“He’s a really aggressive hitter and the pitch called was a high fastball, but I kind of missed my location,” Kikuchi said through interpreter Justin Novak.

Coming off a previous start on Aug. 18 where he tossed a shutout in just 96 pitches vs. the Blue Jays, Kikuchi needed 29 pitches to get out of the first inning. To his credit, he didn’t allow another run to score that inning.

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After a scoreless second inning, Kikuchi found more trouble in the third. And his biggest weakness – the long ball – hurt him again. He gave up back-to-back singles to Gleyber Torres and Gary Sanchez to start the inning. After a brief mound visit from pitching coach Paul Davis and interpreter Justin Novak, Kikuchi left an elevated 90 mph fastball just low enough for Brett Gardner to muscle barely over the wall in right field for a three-run homer and a 5-0 lead.

“I was trying to get inside and I made a mistake,” Kikuchi said.

Kikuchi would pitch just one more inning, allowing two more runners in the fourth and needing an inning-ending double play to avoid allowing another run. Admittedly, he tried to pick at the corners out, trying to be careful with the power bats.

“The first two runs early really hurt and I think I tried to be a little too fine and trying to hit the edges,” Kikuchi said. “I got into some bad counts after that.”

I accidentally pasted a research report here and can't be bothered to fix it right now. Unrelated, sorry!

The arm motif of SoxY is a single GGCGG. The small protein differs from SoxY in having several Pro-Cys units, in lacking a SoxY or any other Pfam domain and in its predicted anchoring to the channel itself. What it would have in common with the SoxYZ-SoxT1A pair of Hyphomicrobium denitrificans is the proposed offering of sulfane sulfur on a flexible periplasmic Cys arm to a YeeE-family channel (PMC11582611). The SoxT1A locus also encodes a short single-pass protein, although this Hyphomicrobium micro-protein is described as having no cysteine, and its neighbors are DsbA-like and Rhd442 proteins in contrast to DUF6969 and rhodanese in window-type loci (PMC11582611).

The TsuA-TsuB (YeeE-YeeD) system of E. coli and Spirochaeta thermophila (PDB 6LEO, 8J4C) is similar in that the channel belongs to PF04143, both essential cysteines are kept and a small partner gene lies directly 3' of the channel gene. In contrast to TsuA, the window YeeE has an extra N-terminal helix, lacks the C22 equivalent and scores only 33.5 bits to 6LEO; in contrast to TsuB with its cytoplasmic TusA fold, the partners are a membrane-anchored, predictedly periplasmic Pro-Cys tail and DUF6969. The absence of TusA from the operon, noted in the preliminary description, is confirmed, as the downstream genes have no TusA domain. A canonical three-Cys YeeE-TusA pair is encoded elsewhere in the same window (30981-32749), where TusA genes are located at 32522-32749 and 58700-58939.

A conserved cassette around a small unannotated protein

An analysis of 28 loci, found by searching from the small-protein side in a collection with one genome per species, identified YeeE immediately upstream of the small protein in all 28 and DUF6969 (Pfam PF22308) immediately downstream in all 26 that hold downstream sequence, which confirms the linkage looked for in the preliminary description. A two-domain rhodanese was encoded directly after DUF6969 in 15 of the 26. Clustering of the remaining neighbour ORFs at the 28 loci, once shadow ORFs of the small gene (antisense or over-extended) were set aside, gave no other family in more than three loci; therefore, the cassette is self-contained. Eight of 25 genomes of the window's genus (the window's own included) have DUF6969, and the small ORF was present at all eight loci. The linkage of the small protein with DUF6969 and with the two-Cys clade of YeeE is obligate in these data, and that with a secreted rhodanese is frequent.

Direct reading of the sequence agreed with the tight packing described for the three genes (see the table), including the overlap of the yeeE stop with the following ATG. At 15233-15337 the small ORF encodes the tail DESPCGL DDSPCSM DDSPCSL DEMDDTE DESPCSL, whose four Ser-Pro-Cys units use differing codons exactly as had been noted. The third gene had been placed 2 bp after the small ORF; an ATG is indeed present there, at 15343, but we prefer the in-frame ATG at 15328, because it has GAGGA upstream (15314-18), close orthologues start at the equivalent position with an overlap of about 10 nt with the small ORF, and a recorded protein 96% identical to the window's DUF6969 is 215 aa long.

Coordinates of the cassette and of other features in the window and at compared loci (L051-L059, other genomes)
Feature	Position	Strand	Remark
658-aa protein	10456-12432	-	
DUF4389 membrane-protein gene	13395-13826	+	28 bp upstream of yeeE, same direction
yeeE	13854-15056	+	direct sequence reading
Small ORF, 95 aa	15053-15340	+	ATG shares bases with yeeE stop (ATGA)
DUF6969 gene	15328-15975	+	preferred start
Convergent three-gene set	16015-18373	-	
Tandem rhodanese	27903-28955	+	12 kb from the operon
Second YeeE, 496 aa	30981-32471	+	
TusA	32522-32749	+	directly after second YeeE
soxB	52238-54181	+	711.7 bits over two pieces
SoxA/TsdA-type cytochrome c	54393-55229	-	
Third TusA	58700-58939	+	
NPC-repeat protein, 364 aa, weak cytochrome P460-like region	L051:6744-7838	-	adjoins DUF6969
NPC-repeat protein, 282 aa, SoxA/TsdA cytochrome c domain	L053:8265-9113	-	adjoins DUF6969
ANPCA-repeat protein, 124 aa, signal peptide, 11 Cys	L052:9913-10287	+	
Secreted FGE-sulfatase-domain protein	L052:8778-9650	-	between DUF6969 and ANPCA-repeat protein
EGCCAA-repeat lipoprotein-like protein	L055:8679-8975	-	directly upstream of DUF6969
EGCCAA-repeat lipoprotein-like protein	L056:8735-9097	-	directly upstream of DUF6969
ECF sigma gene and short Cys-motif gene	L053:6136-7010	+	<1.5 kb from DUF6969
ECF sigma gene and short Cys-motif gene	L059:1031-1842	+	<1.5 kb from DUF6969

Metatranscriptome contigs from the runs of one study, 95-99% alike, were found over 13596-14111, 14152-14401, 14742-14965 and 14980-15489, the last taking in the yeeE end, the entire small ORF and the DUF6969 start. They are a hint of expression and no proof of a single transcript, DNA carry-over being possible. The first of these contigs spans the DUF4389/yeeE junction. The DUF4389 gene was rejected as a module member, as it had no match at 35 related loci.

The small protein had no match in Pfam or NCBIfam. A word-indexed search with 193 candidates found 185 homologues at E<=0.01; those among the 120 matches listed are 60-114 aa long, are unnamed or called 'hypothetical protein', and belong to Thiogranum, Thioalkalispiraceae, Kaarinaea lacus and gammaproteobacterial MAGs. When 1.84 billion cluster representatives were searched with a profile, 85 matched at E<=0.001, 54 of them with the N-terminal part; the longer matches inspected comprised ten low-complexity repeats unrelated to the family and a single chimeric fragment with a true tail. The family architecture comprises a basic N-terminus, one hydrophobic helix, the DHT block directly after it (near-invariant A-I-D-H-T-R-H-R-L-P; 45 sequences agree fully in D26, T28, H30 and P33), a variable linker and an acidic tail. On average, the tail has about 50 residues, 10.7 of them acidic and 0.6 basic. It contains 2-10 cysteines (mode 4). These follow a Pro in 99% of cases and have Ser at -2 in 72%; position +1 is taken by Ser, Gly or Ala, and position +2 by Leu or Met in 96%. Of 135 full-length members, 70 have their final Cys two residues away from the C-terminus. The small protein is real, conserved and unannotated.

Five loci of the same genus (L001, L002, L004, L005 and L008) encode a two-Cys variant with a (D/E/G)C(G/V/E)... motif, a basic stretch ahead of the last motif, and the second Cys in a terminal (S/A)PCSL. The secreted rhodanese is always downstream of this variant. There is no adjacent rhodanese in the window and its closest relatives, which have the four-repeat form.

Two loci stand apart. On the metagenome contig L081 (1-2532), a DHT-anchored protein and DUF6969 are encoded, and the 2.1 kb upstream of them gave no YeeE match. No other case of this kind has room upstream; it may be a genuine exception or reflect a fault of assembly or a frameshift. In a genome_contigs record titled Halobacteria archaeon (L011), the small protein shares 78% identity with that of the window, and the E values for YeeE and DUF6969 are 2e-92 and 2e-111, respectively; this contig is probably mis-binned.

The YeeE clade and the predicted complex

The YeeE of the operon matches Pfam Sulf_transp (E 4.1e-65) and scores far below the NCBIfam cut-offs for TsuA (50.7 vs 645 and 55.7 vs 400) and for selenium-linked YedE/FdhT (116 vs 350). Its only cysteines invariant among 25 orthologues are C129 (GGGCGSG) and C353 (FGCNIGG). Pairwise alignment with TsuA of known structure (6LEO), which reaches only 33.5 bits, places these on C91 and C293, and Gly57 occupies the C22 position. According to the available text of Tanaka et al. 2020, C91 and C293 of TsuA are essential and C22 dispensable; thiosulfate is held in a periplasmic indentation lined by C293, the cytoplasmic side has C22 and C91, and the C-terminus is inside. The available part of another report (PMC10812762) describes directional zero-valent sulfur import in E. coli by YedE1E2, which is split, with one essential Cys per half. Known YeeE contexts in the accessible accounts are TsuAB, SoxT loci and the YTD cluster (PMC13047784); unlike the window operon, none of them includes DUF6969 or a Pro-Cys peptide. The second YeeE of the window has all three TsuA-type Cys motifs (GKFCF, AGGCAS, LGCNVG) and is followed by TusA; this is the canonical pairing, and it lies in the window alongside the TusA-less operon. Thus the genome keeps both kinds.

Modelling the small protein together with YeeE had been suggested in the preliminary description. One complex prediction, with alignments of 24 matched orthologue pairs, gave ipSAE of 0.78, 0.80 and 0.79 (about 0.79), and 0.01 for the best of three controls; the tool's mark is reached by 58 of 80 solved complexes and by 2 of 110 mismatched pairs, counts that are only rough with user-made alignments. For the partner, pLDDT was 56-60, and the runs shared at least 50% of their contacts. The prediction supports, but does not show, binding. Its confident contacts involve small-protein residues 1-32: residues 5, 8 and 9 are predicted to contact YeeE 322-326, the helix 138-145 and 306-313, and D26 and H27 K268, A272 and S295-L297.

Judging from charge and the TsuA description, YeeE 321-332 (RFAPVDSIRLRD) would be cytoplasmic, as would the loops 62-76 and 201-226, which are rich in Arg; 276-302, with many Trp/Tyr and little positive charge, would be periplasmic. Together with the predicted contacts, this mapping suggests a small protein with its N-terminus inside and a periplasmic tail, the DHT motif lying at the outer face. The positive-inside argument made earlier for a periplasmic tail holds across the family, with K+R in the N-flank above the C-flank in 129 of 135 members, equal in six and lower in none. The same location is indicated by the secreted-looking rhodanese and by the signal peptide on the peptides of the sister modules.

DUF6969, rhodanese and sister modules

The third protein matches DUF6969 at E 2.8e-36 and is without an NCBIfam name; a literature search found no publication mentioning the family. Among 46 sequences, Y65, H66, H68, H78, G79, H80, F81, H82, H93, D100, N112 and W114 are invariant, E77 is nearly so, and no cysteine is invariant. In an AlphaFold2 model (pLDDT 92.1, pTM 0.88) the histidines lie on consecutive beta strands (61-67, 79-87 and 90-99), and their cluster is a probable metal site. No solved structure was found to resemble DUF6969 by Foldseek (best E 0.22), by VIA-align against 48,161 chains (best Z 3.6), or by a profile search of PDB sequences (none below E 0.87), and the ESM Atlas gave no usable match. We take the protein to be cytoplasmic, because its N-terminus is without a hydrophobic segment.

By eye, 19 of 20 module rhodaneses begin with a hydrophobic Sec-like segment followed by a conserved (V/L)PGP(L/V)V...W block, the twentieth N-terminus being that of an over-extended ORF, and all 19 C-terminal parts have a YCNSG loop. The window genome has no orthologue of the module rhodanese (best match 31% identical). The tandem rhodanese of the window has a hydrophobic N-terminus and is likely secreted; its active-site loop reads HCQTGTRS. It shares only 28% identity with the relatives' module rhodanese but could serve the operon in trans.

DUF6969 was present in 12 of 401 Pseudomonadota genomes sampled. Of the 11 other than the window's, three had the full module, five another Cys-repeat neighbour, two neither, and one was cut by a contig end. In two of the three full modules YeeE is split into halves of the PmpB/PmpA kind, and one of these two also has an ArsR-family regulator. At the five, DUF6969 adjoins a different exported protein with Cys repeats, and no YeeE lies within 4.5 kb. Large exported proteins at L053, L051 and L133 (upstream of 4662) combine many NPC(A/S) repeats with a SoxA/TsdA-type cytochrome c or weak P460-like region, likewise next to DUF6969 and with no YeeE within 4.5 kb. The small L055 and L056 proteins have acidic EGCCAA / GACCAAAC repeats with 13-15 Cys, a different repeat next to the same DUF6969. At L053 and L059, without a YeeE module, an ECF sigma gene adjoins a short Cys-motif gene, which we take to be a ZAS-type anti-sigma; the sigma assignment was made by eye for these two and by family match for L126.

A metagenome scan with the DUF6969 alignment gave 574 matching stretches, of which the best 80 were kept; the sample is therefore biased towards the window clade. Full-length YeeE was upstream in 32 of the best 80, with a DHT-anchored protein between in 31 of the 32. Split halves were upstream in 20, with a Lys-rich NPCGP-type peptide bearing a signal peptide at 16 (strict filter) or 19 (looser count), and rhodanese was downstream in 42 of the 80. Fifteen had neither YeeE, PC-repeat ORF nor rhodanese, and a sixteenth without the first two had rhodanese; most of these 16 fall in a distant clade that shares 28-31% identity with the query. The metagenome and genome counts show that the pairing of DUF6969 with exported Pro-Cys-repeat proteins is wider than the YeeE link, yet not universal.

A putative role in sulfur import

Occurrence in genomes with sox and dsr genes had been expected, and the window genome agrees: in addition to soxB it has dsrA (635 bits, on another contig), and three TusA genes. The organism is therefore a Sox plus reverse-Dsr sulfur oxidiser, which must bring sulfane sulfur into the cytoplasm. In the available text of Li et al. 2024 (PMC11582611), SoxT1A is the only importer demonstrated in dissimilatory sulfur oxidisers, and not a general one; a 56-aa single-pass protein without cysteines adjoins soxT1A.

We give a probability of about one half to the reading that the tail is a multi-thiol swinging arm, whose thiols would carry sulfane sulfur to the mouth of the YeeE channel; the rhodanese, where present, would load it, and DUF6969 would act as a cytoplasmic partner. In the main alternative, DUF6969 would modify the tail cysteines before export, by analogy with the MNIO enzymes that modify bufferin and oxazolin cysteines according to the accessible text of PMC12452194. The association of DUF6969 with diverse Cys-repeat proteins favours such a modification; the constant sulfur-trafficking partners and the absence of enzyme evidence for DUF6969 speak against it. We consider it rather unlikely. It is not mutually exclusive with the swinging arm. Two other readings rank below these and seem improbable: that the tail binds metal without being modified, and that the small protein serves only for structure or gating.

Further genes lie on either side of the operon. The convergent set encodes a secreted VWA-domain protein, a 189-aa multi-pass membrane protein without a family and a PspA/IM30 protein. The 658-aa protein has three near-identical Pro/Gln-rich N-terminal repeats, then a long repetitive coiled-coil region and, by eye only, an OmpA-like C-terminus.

His night was finished after four innings, allowing five runs on eight hits with three walks and just one strikeout to fall to 5-9, while his ERA grew to 5.36. Of his 95 pitches thrown, 10 were swinging strikes and 16 were fouled off. He was facing a slightly more established level of hitter compared to the Blue Jays. He had success against the Yankees in May, pitching 7 2/3 innings, allowing one run on three hits a walk and three strikeouts. That lineup didn’t have Judge, Gardner or Sanchez.

“They are a different Yankees from the last time,” he said. “They took advantage of my mistakes.”

Kikuchi also didn’t use his curveball as much, favoring his changeup, which he felt was working well.

“Yusei was not as sharp,” Servais said. “It was the command of his pitches. I know I talk about it all the time and sound like a broken record. But that’s what it is all about with him. The last time he pitched against the Yankees he had a really good curveball. He didn’t quite have it tonight.”

The Mariners had hoped that skipping his scheduled start last Friday and getting him a few extra days’ rest as part of a throwing program to keep him healthy and help him adapt might lead to success against the Yankees. But instead it led to more runs off homers. Kikuchi has allowed 33 homers, which is near the top of MLB. Former Mariner Mike Leake came into Tuesday leading all of baseball with 34 homers allowed.

“This is a really good hitting ball club,” Servais said. “There’s a reason they hit hit a lot of home runs, they are scoring runs and they have the record they have.”

The Yankees tacked on a run off of reliever Reggie McClain in the fifth inning on a fielder’s choice. Lefty reliever Taylor Guilbeau had a few issues in the ninth, loading the bases and walking in a run that made it 7-0.